Risk Free Reservations: Why You Should Opt Out Of The Booking.com Scheme

Booking.com have been rolling out Risk Free Reservations for a while now. Whilst these might seem like a great idea, they can trap property owners into accepting some major setbacks in their direct booking strategy. Here’s some more info on what they are and why you should opt out.

What are Risk Free Reservations?

what are risk free reservationsAs summed up by Hotelmarketing.com, Risk Free Reservations allow guests to book free cancellation rates whilst providing the hotel with the security of a guaranteed booking. If a guest cancels their booking, Booking.com will find a new guest for the same dates. If this isn’t possible, you will still receive the full rate paid by the original guest. All hotels are automatically enrolled in this feature. Though it sounds great on paper, there can be some drawbacks.

Why should you opt out?

There are multiple issues with this system that make it necessary to opt out of Risk Free Reservations. César López on Mirai has an excellent blog on the matter that details all of the main problems. The most obvious is that by removing the two rate tiers (flexible and non-refundable), your average price will go down. By making it easier for all guests to cancel, Booking.com are ensuring their users will consistently pick the cheaper option.

This will, in turn, mean you will notice a rise in cancellations. Whilst you will still receive the payment, this can have massive impacts on your operations and associated costs.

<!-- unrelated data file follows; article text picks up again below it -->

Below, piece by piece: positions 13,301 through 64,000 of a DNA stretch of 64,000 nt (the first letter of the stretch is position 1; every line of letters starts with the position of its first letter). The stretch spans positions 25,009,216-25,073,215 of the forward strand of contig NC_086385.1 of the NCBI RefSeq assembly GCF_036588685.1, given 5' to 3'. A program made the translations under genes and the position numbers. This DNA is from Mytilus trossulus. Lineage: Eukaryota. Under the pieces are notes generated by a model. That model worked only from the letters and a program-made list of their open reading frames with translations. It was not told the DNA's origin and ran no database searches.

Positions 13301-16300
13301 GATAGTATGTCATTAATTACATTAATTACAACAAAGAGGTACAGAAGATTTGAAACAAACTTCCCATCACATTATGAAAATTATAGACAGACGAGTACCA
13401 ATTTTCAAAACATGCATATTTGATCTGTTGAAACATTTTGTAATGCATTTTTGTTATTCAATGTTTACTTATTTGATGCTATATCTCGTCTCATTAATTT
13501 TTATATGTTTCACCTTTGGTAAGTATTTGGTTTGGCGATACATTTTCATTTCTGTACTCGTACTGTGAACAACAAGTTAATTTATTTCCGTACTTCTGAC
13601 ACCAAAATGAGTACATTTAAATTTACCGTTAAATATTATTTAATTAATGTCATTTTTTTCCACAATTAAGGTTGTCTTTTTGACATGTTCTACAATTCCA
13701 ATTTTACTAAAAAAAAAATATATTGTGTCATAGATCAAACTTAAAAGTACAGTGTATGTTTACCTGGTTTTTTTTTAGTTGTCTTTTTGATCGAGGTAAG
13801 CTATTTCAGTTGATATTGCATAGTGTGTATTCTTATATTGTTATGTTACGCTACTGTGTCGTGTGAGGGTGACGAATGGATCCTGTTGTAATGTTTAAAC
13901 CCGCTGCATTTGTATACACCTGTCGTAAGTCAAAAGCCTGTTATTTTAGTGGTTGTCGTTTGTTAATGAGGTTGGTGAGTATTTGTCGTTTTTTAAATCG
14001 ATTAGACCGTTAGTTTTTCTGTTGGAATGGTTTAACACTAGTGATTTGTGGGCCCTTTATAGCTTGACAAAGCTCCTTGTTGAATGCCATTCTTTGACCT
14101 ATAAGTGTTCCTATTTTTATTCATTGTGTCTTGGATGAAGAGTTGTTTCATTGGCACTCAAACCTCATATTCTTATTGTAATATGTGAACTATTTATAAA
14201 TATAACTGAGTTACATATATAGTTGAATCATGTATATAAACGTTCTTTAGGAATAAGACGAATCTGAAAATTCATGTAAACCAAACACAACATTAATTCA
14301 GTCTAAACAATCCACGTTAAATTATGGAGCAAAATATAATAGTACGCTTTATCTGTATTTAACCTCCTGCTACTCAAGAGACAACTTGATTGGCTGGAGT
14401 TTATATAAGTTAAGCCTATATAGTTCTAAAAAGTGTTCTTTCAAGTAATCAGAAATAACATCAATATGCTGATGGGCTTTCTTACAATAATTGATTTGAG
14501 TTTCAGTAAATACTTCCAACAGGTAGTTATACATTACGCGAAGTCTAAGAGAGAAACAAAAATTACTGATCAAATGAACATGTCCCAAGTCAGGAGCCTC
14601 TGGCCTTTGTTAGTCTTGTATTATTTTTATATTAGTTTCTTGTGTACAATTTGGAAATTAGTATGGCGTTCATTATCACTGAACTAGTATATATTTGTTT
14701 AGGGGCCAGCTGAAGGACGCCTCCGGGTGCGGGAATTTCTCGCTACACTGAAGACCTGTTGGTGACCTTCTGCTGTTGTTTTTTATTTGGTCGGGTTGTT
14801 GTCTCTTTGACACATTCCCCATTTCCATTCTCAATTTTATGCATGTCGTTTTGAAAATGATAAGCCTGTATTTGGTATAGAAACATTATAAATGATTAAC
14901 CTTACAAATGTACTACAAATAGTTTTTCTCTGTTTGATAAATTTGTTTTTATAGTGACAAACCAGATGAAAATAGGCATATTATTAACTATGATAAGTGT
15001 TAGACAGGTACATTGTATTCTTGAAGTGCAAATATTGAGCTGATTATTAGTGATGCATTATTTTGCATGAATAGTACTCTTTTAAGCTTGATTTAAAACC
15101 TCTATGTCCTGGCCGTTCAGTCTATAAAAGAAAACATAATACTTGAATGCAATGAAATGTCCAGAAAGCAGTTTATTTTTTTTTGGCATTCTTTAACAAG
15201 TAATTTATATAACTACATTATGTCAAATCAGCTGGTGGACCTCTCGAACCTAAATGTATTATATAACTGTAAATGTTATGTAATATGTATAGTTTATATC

What exactly is an equal value client?

why you should opt out of risk free reservationsAdrienne from Right Revenue responds to Mirai’s blog further driving home the importance of opting out of Risk Free Reservations. Booking.com have been vague in defining what a client of equal value is. There is potential for you to end up with a guest that wants a cheaper room, lower occupancy room or Genius discounts. It is not quite clear whether you would get the original rate, or the lower replacement rate in this sense.

Additional add-ons could also differ. Whilst the original guest might have booked a breakfast, the second guest might not – further reducing your income from the same booking. If you have since lowered the prices of the same rooms, there is also a chance you could end up with the new lower rate rather than the original higher rate. In terms of organising your guests, this can create major issues.

Why are Booking.com providing Risk Free Reservations?

Another great blog on the topic by PasoDeBooking.com mentions that this could be a way for Booking.com to ensure they always offer the best rates. If you offer two tiered rates on your own website, and have parity with Booking, then they will only ever display the lower rate. This encourages guests to book with them rather than directly.

They will also have better availability for your rooms. If you only have seven rooms, and two are booked directly through you, Booking.com will still be able to sell all seven rooms. If they over book, they simply transfer your booking to someone else. This makes them the best option for guests looking for both low prices and good availability.

How do I opt out of Risk Free Reservations?


how to opt out of risk free reservations

Opting out is thankfully quite simple! All you need to do is log in to your account and scroll down to the “Prevent bookings that are likely to be cancelled” section – as pictured above. Click on ‘No’ and save it. This will keep you opted out of the scheme.

Whilst risk free reservations look like a good idea on paper, they will be a burden on your direct bookings. The guaranteed bookings are not worth the drop in overall rates, rise in cancellations and endless organisation issues caused by the scheme. By staying opted in you are only giving Booking.com the upper hand in selling your rooms.

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